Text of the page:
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Physiology Fundamentals: Back To Basics.

Different Metabolic rates(BMR, RMR,..) and how to Calculate Daily Energy(calorie) Requirements and Expenditure. Part 3.

Check out Part 1 & Part 2 of this series.

Any activity which can be done without breaking a sweat like strolling, cleaning the house, doing dishes, gardening, washing the dog, general chores around the house and the like have a minimal 3.5 calories per minute expenditure for a 130 lbs. person. Working around this intensity will roughly put your heart rate at 55% of MHR. Now to calculate your personal AEE for an activity done at this level just use this equation [BW(in lbs)/ 130] x 3.5 x minutes you do that activity for. Let’s say I do chores around the house for 40 mins daily and i weigh 210lbs. my AEE for this activity would be (210 / 130) x 3.5 x 40 = 226 Calories burned.
then I went on a long walk for one hour : (210/130) x 3.5 x 60= 340 calories.

why this formula if you ask. This research paper concludes that the calories expended while perfomring any activity is same for everyone if accounted per pound of LBW(lbm,fat free mass).
screenshot from a research paper concluding that fat free mass/lean body mass/LBW is the sole predictor with direct proportionality of calories burned 
while doing any activity. simply put, the amount of calories you burn doing anything is directly proportional to your LBW. Using body weight(BW) instead of lean body weight(LBW) evens out the aerobic efficiency disadvantage of fat people and the resulting accuracy is maintained..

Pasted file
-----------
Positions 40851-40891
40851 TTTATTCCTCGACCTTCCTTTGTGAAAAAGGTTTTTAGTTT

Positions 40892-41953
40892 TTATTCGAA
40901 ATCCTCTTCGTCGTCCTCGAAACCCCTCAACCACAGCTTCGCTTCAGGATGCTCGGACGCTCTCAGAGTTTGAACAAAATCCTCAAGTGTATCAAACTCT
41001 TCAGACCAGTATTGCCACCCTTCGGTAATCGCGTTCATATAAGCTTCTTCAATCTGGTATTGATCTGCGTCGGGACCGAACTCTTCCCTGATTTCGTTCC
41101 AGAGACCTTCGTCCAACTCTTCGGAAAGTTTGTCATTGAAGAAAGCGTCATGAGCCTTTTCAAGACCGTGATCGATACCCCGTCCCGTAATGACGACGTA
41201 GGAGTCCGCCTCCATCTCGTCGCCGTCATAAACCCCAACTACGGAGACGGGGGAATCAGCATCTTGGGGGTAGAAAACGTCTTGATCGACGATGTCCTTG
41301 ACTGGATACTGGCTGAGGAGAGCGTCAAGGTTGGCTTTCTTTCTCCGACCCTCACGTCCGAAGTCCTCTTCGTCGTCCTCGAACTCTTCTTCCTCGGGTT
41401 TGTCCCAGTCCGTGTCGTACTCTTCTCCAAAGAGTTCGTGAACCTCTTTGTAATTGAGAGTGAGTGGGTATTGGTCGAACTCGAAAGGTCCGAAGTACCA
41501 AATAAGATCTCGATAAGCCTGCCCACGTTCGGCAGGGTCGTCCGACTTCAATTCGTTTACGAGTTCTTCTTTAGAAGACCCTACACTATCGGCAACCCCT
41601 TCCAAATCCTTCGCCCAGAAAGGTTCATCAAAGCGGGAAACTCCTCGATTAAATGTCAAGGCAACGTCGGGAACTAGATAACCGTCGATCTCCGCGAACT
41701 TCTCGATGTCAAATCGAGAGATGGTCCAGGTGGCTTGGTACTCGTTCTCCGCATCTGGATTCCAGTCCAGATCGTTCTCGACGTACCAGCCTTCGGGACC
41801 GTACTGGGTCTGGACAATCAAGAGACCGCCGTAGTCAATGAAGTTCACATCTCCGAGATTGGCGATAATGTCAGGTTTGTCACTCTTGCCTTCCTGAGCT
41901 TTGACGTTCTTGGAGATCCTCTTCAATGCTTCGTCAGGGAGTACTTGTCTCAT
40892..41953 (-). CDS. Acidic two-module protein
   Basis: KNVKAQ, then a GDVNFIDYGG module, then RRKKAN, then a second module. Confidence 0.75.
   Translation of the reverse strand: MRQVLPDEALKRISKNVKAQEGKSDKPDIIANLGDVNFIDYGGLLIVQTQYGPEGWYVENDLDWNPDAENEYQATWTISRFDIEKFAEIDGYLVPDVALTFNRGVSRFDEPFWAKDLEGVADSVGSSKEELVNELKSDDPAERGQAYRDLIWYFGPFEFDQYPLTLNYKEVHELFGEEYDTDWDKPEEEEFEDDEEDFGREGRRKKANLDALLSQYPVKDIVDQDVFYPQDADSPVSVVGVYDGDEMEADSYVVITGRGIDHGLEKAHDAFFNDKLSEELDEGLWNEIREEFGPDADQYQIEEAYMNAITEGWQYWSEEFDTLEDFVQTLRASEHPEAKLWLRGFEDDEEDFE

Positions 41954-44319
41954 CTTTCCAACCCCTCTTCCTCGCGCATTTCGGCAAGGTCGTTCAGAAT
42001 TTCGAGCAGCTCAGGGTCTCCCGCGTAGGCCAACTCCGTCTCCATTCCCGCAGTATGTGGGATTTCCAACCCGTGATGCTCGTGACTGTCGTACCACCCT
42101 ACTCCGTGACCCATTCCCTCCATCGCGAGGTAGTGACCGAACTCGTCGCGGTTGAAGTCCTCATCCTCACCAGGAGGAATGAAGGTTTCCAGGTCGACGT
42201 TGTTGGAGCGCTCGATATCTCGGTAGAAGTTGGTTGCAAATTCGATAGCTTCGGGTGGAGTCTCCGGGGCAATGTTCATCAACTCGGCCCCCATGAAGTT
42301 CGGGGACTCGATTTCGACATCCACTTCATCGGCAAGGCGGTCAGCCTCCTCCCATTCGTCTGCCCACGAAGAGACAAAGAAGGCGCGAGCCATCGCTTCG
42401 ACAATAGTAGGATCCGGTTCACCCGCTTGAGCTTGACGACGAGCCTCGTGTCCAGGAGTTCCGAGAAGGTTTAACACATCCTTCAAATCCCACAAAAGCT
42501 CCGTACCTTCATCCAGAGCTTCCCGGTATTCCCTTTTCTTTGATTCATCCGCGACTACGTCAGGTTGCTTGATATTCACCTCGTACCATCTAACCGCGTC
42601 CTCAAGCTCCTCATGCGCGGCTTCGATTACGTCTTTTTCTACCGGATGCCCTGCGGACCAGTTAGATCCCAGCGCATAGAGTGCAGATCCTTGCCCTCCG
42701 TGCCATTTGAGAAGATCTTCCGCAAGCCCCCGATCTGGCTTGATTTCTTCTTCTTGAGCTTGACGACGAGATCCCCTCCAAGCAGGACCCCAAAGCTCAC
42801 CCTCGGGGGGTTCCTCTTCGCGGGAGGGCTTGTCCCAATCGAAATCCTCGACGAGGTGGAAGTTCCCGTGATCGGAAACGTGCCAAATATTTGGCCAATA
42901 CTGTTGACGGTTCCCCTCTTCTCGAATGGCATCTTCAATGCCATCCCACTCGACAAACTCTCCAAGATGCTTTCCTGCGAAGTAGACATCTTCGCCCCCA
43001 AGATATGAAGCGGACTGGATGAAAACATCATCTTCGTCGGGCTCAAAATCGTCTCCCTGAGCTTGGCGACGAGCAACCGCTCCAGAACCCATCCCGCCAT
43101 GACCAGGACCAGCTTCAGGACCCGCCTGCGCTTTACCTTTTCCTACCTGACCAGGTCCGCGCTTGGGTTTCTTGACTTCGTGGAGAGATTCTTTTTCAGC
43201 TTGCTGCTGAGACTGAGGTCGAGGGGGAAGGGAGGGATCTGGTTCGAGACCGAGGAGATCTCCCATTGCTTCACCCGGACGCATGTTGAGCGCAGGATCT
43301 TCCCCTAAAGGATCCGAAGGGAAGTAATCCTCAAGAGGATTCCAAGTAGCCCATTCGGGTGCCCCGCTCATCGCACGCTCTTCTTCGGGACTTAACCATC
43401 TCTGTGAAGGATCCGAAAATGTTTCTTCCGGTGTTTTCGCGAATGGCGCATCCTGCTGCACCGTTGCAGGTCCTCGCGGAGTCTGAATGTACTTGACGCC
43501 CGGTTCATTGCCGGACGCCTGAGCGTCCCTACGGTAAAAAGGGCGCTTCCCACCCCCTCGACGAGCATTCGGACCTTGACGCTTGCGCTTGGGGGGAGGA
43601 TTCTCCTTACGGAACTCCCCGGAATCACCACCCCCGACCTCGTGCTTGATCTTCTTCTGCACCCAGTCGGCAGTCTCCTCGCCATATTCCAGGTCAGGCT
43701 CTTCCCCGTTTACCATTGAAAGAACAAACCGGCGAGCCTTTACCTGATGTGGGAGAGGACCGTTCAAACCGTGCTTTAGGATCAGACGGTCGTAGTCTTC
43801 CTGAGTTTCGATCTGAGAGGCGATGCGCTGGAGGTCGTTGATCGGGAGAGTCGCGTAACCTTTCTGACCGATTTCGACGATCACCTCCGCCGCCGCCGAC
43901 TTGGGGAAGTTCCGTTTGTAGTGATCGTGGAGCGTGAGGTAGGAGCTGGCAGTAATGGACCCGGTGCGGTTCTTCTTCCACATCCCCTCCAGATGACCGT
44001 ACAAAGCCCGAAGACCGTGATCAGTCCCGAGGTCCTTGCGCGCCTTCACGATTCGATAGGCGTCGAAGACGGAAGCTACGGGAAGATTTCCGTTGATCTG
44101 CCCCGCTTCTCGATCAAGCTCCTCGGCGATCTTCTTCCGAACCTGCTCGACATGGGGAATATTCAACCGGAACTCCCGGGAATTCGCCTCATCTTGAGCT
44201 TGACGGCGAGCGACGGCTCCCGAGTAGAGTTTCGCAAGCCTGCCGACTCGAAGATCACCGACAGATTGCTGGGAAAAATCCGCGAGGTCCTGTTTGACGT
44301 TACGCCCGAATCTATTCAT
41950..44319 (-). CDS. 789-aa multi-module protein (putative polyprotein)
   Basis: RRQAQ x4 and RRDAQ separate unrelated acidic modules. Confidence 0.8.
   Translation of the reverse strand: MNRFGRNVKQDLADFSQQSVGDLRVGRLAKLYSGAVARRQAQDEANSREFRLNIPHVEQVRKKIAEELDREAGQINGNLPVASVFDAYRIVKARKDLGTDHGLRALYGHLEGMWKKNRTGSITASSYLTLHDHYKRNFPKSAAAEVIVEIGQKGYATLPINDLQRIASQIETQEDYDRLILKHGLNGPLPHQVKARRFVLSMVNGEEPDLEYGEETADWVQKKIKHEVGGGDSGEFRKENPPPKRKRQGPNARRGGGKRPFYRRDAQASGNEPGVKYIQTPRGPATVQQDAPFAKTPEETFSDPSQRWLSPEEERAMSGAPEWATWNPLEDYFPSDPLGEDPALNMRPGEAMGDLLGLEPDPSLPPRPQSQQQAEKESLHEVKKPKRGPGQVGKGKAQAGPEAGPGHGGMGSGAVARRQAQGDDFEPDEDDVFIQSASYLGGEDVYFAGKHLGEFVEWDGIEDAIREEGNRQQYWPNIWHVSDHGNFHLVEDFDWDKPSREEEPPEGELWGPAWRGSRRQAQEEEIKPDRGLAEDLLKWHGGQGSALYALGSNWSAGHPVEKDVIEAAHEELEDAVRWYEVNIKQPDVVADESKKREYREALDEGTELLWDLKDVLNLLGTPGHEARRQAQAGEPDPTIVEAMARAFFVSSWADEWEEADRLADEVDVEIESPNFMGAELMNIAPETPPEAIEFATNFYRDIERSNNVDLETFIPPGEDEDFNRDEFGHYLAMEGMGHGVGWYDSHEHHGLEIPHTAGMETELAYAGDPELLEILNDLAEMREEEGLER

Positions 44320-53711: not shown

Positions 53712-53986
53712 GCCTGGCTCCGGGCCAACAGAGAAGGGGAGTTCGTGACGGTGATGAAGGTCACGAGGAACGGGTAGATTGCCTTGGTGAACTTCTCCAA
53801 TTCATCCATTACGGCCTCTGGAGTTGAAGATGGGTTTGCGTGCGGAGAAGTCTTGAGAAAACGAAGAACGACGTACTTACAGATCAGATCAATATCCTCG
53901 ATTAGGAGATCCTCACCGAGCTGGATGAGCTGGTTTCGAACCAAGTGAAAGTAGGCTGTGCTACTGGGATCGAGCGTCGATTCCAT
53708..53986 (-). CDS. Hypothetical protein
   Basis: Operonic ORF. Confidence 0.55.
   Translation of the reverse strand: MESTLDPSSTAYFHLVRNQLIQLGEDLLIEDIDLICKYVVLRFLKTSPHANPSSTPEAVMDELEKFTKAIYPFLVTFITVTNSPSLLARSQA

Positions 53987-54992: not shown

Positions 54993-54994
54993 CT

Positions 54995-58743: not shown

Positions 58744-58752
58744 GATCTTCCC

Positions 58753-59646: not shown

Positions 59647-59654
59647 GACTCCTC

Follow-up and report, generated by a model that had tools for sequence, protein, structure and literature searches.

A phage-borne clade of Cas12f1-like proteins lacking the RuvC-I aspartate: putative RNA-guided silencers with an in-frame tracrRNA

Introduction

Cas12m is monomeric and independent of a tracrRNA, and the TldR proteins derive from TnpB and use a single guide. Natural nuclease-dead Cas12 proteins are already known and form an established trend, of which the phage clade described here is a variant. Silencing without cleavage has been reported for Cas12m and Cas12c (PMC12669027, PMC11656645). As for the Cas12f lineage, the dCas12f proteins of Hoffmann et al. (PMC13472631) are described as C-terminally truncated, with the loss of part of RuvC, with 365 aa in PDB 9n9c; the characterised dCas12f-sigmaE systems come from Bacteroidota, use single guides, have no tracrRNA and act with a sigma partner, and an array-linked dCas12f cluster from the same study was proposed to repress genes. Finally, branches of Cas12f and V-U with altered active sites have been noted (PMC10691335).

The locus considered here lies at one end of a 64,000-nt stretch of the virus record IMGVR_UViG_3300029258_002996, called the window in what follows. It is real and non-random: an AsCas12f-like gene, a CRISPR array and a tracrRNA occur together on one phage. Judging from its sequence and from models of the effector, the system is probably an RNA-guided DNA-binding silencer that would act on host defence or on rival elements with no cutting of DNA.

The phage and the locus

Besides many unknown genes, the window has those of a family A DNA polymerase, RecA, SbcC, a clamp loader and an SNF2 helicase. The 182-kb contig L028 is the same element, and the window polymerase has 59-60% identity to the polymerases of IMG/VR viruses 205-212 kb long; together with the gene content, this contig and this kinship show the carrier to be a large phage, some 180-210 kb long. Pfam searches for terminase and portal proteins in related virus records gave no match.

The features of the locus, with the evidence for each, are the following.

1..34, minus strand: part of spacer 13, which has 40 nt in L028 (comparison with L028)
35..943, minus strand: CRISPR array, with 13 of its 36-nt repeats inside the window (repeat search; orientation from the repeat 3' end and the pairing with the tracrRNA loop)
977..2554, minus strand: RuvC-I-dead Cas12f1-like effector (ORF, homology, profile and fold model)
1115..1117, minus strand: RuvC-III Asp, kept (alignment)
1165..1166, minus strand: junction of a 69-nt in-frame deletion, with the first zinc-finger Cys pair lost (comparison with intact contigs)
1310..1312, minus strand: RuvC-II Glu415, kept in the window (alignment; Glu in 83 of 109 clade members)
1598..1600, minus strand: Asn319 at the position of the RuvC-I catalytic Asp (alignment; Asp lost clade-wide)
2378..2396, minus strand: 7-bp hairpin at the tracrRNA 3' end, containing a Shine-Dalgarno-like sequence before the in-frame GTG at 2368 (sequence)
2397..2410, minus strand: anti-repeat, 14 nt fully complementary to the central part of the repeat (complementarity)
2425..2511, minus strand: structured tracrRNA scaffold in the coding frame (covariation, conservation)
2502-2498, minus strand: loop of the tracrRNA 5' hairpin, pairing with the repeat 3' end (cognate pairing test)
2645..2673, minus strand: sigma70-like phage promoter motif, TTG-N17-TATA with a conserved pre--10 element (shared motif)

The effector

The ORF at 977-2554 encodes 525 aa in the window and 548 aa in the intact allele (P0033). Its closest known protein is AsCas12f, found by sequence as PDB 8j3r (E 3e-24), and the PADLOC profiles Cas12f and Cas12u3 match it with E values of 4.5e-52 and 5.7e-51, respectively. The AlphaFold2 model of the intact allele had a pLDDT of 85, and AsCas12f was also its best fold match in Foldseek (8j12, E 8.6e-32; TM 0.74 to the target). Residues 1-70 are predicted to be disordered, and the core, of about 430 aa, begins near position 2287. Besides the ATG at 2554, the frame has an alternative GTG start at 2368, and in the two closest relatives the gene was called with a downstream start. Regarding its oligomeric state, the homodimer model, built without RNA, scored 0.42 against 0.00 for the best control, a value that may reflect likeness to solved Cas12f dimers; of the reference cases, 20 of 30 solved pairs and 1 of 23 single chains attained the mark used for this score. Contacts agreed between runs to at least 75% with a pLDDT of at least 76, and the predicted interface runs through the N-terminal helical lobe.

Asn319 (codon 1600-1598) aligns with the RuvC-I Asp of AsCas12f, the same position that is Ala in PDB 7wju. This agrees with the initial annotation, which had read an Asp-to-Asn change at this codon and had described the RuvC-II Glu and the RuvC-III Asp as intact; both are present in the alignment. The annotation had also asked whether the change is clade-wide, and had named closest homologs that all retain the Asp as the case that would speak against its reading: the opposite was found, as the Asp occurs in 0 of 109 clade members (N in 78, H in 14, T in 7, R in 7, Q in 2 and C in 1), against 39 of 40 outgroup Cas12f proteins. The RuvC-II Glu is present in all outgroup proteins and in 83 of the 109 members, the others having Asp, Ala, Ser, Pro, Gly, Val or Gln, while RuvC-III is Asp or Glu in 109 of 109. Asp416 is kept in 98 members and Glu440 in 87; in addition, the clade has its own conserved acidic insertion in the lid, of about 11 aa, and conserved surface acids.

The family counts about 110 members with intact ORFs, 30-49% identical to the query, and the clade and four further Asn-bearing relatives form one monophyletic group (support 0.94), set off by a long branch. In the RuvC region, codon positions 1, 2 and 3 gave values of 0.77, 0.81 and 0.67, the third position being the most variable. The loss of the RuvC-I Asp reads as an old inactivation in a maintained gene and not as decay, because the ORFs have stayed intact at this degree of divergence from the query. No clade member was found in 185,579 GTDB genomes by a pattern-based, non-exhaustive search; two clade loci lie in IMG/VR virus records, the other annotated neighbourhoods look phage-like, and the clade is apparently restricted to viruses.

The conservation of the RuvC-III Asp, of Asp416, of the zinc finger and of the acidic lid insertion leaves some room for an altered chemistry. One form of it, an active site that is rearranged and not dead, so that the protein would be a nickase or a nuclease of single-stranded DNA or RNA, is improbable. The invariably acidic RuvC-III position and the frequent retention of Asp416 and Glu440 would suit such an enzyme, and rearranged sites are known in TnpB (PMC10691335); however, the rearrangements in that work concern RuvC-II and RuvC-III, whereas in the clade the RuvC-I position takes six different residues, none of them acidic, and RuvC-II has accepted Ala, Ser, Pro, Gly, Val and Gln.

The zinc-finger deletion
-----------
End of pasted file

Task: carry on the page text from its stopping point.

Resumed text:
The second classification is any activity which is in your dominant aerobic zone in which you oxidise mostly fat and little glucose, like jogging (< 5 mph), moderate cycling (10-12mph), rowing, shoveling snow, swimming, trekking , volleyball, wrestling, tennis, soccer, moderate rope jumping, boxing on a bag, basketball, and aerobics (Duh.) Say, any activity which you can perform without wheezing your lungs out. There will be intense moments but there will be recovery too. There is moderate effort required and you don’t have to really push (unless you’re horribly out of shape). working around this intensity will put your heart rate Around 65% of MHR. Your muscles will ache of fatigue maybe after 30-45 minutes but they won’t “burn”. Burn in muscles being used around 20-30 mins is a sign that you've surpassed the aerobic zone.

Such aerobic activities have an energy expenditure of 6.5 calories/minute for a 130 lbs person. Same formulae of (BW/130) x 6 x minutes of the activity performed, will do. Taking an example, a petite young lady weighing 110 lbs plays tennis for 25 minutes. 110/130 x 6.5 x 25 =138 calories burned = AEE for tennis. The third classification is for activities around your Lactate Threshold. Let’s talk about lactate a bit, because it’s crucial for defining both of the next two activity/intensity levels. See, as long as the intensity of any exercise is at a level that oxidation of fat and glucose is enough to sustain it, we have manageable lactate production in our muscles. (as in the 1st and 2nd activity classifications here).
Initially during increased exertion, muscle glycogen is broken down to produce glucose, which undergoes glycolysis producing pyruvate which then reacts with oxygen to releases energy. This is the aerobic pathway.

If the intensity of activity surpasses the availability of oxygen, carbohydrate is consumed more rapidly because the pyruvate ferments into lactate. Production of lactate increases rapidly with both, time AND intensity, resulting in Lactate buildup in the muscles and in the bloodstream too; and if the intensity is maintained or increased for a duration longer than 2-3 minutes, lactate buildup will result in sharp burns, nausea and vomiting. this is completely anaerobic pathway.